However, with advanced technologies becoming more prevalent, UbuWeb began to widen its scope. There came a time when it was apparent to me that concrete and visual poetry wanted to move beyond the page and off the static screen. When UbuWeb began receiving sophisticated submissions for our Contemporary section in Flash, Java, JavaScript, Shockwave, dHTML, etc., our policy changed to accepting only web medium-specific poetry. If it couldn't be reproduced on a page, we were interested in it (the historical section necessarily remained static).

Once a mass of work began to cohere, comprised of advanced web-specific technologies, I began to sense a fulfillment of the Noigandres' prophecies. This is, perhaps, best typified on UbuWeb by Brian Kim Stefans' epic Flash project "The Dreamlife of Letters." "Dreamlife" came about as a response to a dense text by poet and feminist literary theorist Rachel Blau DuPlessis. In a Cageian write-through gesture, Stefans created a new page-oriented static poem out of DuPlessis' text. He states:
"As words almost invariably take on nearly obscene meanings when they are left to linger on their own, and as DuPlessis's text was so loaded to began with, I didn't enjoy my [response] poem that much. More importantly, as it was in a sort of antique 'concrete' mode, it resembled a much older aesthetic, one well explored by Gomringer, the De Campos brothers and numerous others in the past fifty years, and so it wasn't very interesting to me."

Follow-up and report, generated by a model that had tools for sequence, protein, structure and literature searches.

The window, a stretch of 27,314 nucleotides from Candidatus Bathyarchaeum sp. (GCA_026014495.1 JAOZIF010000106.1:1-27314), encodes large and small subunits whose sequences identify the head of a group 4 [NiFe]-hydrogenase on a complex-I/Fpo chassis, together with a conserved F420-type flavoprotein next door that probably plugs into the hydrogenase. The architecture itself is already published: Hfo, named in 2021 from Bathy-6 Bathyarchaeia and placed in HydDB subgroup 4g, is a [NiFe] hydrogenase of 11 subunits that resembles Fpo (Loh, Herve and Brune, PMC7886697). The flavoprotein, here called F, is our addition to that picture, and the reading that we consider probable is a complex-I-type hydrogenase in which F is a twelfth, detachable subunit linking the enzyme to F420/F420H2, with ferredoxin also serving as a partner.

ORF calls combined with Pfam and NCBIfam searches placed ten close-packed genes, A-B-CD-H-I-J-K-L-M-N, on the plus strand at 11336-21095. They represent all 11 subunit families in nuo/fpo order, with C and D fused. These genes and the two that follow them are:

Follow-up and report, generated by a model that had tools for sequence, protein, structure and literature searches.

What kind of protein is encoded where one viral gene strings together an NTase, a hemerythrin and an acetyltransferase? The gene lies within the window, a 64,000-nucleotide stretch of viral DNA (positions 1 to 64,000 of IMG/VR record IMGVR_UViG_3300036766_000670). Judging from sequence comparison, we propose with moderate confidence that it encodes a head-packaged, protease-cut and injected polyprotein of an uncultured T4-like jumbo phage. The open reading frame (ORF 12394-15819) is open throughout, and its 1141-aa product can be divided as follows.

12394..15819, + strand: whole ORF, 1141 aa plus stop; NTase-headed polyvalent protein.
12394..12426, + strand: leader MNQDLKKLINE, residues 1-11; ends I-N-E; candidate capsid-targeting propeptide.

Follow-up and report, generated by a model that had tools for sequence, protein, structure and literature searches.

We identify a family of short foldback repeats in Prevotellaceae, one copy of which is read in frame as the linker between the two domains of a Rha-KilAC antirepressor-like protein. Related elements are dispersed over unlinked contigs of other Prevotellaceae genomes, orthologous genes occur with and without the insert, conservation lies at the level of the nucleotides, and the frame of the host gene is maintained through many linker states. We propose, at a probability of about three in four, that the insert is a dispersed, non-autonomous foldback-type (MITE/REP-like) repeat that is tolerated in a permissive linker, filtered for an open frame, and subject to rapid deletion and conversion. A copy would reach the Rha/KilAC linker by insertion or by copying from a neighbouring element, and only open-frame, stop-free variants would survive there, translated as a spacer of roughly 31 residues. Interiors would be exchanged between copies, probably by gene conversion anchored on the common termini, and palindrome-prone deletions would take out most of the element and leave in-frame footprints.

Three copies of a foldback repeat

So Stefans turned his unsatisfactory static response into an 11-minute Flash file, which Stefans refers to as a "short film." I take it that in Stefan's statement, he uses the phrase "antique concrete mode" to mean page-based visual poetry. What he does, however, in "Dreamlife" is to take classic concrete elements and, using web-specific technologies, bring them to places that the "antique concretists" could only dream of.

As we view Stefan's piece, elements of the classic concrete style parade by on the screen: the concern with a flat picture plane, the use of unadorned sans-serif letters, the cinematic unfolding of successive chapters (recalling Pignatari's cine-poem "LIFE"), the interplay between fractured language and semantic sense, the minimalist use of language and the melding of words and icon-based semiotic symbols. Even the choice of color--orange--has a retro 60s feel to it, referencing the Augusto de Campos frontispiece, "Poetamenos (Poet-Minus)" from Solt's 1968 concrete poetry anthology.